(b) The Applicant has been granted a No Objection Certificate by the IRDAI to set up place of business in an IFSC.

(c) the Board of the Applicant shall submit reporting structure of the officials as mentioned at sub-regulation (7) of regulation 17 of these Regulations;

(d) The Applicant has satisfactory track record in respect of regulatory and supervisory compliance;
(e) the Board of the Applicant undertakes to meet all liabilities arising out of IIOs insurance or re-insurance business, as the case may be;

(f) The Board of the Applicant undertakes to comply with the assigned capital, solvency and other requirements as may be specified by the Authority from time to time.
3.What activities are permitted to be carried on by an IIO?

As per Regulation 10 of IIO Regulations, subject to any specified conditions, an IIO registered with the Authority may carry any of the following class of businesses:

(a) Life Insurance Business;

(b) General Insurance Business;

(c) Health Insurance Business; or

(d) Re-insurance Business

However, an IIO set up in an unincorporated form in an IFSC shall be permitted to transact such class of business which is permitted to the Applicant by its home country regulatory or supervisory authority.

4.What are the capital requirements for an IIO in an incorporated form?

IIOs setting up in an incorporated form:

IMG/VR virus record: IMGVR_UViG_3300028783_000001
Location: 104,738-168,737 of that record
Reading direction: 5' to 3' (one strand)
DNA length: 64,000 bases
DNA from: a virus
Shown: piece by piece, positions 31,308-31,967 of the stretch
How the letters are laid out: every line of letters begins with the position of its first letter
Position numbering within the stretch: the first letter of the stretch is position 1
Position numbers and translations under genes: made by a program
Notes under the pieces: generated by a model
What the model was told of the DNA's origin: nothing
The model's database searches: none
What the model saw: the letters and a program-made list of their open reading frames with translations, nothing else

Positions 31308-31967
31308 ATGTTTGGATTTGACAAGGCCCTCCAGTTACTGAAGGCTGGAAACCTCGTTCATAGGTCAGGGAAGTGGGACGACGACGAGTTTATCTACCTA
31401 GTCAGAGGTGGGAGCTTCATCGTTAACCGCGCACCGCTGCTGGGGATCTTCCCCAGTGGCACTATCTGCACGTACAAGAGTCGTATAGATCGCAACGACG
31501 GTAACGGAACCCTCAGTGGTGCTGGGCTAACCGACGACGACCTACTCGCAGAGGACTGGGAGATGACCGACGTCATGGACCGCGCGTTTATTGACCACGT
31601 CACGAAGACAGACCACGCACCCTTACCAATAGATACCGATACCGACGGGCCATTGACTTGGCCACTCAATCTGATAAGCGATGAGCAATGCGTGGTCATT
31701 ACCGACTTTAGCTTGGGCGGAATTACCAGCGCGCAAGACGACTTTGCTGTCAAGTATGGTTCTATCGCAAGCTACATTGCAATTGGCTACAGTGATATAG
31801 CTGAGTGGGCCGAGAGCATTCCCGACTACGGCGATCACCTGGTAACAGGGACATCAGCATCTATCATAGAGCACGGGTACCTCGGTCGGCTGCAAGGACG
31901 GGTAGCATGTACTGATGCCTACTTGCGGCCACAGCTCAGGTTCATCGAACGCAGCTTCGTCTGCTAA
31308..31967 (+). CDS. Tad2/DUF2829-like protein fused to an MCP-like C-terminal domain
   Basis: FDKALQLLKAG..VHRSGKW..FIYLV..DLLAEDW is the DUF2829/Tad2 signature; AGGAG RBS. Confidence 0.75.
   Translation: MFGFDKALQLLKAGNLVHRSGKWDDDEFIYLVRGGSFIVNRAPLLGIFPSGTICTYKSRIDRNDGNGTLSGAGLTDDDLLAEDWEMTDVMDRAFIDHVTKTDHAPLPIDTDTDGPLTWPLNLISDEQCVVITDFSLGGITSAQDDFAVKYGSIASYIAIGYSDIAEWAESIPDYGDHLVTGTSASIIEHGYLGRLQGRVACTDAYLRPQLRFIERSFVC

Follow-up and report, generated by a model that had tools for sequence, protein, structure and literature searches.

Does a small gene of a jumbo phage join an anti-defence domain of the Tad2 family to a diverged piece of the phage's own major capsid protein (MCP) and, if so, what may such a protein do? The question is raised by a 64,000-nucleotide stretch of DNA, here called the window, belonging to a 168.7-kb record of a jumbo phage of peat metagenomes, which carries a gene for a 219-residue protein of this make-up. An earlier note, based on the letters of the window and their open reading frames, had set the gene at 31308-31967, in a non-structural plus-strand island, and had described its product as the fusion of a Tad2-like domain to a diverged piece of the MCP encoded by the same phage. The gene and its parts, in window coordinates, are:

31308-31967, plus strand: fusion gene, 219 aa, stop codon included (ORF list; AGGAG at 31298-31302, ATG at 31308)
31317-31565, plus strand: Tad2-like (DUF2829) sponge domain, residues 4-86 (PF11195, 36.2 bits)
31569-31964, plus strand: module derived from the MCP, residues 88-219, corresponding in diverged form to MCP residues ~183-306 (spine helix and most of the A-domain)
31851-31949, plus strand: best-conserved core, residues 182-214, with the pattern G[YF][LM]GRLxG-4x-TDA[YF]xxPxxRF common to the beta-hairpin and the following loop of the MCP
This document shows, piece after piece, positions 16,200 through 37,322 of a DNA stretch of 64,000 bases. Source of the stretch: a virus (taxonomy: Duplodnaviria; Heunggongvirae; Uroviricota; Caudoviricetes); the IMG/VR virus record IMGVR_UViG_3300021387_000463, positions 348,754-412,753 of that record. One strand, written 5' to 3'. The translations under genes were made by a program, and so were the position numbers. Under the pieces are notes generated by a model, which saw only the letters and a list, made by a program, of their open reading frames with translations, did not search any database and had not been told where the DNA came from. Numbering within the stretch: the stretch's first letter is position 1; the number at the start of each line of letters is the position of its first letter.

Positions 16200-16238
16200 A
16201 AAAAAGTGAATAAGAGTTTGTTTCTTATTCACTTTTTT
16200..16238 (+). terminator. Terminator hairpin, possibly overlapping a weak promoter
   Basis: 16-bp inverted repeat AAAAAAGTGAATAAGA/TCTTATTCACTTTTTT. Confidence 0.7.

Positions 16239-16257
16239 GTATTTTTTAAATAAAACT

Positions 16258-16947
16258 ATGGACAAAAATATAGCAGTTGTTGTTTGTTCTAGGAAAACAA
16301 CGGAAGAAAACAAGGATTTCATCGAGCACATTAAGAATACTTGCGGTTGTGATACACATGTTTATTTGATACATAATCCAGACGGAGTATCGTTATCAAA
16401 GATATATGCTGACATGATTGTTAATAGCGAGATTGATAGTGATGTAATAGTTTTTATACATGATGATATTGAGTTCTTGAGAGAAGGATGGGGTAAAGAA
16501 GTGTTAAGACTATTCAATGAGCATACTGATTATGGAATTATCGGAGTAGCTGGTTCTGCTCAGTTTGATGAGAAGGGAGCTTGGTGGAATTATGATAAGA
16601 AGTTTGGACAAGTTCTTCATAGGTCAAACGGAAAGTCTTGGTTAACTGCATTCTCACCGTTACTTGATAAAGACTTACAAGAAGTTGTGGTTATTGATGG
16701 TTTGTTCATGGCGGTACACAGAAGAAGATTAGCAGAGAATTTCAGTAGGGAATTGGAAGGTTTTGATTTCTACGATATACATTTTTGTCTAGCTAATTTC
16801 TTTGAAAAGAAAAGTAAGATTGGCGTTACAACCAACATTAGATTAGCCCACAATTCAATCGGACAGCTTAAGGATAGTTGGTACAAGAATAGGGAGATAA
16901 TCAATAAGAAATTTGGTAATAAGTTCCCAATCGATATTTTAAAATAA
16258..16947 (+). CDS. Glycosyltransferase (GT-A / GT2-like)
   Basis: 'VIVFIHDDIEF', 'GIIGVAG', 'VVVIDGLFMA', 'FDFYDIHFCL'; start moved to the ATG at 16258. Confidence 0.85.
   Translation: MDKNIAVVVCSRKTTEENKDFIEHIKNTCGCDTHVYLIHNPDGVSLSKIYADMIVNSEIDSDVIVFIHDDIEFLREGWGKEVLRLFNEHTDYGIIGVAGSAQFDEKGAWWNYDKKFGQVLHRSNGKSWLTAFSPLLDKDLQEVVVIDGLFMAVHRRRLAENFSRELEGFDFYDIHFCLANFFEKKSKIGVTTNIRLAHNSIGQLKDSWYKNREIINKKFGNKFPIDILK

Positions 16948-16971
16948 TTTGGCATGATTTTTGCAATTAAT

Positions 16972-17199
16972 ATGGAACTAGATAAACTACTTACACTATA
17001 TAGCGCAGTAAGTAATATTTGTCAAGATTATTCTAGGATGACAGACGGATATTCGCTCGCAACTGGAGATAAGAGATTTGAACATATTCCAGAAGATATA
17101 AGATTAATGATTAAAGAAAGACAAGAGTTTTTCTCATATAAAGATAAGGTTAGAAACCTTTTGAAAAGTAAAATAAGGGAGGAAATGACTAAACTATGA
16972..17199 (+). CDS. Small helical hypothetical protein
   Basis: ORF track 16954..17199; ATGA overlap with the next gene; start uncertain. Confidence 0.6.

As per sub-regulation (3) of Regulation 17 of the IIO Regulations, minimum capital requirements as prescribed under sub-section (1) of section 6 of the Insurance Act, 1938 i.e.

(1) INR 100 crore (if carrying on the business of life or general insurance)

(2) INR 100 crore (if carrying on exclusively the business of health insurance)

(3) INR 200 crore (if carrying on the business of re-insurance)
However, an MGA or a service company incorporating in IFSC will be required to have a minimum paid up capital of INR 5 lakh as per clause 6(1) of schedule II and clause 1(1) of schedule III of IIO Regulations.
IIOs setting up in an unincorporated form:

As per sub-regulation (1) of Regulation 17 of the IIO Regulations, minimum assigned capital in any freely convertible foreign currency equivalent to USD 1.5 million, provided that such assigned capital shall be –

(1) earmarked and held by the Applicant in the home country, country of its incorporation or domicile

(2) invested as per the requirements of its home country regulatory or supervisory authority;

(3) maintained by the Applicant at all times during the subsistence and validity of registration of IIO

5.How many personnel need to be appointed for operations of an IIO?

IIOs setting up in an unincorporated form:
As per sub-regulation (7) of Regulation 17 of the IIO Regulations, minimum three (03) officers need to be appointed –

(1) Principal Officer who shall be responsible for the day-to-day administration of the IIO as well as for its regulatory compliances

(2) An Officer in-charge of underwriting of risk having relevant experience

(3) An officer in-charge of finance and accounts having relevant experience
IIOs setting up in an incorporated form:
As per sub-regulation (8) of Regulation 17 of the IIO Regulations, minimum three (03) Key Managerial Persons (KMP) need to be appointed who shall be responsible for the day-today administration and regulatory compliance of the IIO:
(1) Chief Executive Officer
(2) Chief Finance Officer
(3) Chief Underwriting Officer
However, the Authority may specify appointment of additional KMPs from time to time Office